Under Minnesota law, when a person dies without a will, the person’s estate passes to relatives according to what are known as the laws of intestate succession. Every state has a similar law, and they are all designed to distribute estate to family members, starting with the closest relatives and then, if close relatives are deceased, to relatives who are farther removed on the family tree. But what if a person dies without a will and without any living relatives?
That’s a scenario that’s apparently playing out in New York with the estate of a wealthy real estate developer and Holocaust survivor. The man died in January 2012 at the age of 97 and lawyers and state officials are still trying to figure out to do with his estate, which is worth about $40 million.
Born in Poland, the man fled to Russia during World War II. He later met a survivor of the Auschwitz concentration camp and they married and moved to America. However, they never had children and eventually divorced. She died in 1992. While the man had many friends, state officials say they can find no trace of any surviving family. They may have all died during the war.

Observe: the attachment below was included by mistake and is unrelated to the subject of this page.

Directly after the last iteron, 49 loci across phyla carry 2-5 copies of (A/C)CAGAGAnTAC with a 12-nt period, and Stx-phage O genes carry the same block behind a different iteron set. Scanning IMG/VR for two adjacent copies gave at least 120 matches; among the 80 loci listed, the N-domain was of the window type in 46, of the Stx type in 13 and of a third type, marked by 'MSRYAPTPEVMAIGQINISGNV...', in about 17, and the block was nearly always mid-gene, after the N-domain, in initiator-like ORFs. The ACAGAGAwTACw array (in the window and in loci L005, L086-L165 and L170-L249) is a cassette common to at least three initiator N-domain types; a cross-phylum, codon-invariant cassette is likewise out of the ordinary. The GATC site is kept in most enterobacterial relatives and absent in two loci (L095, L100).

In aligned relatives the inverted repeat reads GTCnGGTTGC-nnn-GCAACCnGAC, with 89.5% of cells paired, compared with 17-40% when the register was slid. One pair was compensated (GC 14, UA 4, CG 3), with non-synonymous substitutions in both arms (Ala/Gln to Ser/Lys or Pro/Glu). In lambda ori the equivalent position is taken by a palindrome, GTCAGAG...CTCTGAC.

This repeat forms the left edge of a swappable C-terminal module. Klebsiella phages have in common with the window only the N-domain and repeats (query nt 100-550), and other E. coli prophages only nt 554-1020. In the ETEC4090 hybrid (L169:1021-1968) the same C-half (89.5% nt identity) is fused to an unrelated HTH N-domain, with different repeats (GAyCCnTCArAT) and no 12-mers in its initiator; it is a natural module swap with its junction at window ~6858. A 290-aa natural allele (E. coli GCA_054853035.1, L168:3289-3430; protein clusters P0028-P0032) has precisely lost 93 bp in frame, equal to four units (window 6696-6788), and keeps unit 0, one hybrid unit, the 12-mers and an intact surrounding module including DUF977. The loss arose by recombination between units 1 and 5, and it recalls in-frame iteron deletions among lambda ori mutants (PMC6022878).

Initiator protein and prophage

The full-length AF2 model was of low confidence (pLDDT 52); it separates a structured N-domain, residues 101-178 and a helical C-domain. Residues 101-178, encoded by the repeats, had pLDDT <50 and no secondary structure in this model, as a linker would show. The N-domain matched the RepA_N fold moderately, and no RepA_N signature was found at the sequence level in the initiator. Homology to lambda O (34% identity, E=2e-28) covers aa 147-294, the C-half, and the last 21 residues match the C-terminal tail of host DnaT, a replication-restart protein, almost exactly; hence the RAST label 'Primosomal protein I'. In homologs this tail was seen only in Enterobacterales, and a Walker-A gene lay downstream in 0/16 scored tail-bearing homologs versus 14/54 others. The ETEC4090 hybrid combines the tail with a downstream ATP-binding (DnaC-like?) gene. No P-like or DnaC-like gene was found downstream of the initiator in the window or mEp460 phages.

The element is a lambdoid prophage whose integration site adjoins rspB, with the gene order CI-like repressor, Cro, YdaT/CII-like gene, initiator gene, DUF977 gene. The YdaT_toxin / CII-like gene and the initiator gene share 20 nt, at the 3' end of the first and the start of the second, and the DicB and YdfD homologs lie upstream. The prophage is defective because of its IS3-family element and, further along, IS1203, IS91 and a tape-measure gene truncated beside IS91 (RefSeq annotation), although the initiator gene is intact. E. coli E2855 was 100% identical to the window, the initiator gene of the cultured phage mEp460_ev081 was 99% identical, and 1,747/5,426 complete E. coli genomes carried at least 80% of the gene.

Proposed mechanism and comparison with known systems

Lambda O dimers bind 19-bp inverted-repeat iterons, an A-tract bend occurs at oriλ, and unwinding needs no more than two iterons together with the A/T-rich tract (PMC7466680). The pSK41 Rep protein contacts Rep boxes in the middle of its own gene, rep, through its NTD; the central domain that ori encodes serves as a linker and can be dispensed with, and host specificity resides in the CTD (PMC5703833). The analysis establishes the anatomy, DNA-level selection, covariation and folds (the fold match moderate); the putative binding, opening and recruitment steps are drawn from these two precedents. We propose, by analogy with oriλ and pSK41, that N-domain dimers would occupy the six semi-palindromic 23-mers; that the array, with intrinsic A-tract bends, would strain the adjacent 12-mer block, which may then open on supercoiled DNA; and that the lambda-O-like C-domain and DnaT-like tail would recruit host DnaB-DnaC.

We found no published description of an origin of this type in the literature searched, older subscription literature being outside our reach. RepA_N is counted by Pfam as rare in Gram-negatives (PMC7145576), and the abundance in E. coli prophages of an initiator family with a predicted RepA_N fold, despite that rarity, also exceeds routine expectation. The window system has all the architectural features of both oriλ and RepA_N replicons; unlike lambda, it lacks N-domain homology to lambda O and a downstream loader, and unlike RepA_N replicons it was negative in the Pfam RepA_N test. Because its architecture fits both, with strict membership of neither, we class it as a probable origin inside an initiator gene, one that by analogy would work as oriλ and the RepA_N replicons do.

Friends said the man’s real estate business built hundreds of homes over the years and he had numerous investments. His longtime accountant said he pressed the man for years to write a will, and the man said he would write one just two weeks before he died. As yet, no will has been found. A state administrator has auctioned off the man’s house and much of his other assets. If officials can’t find any family members, the man’s fortune will go to the state’s Department of Revenue.
When a wealthy person dies without a will, or with a will that is in dispute, it often brings out all kinds of people claiming to be long-lost family members, hoping to get a piece of the inheritance. These situations often lead to litigation.
It’s important for Minnesota residents to leave a valid will so as to avoid these conflicts. When they don’t, it’s important for their heirs and beneficiaries to understand their rights.
Source: New York Times, “He Left a Fortune, to No One,” Julie Satow, April 27, 2013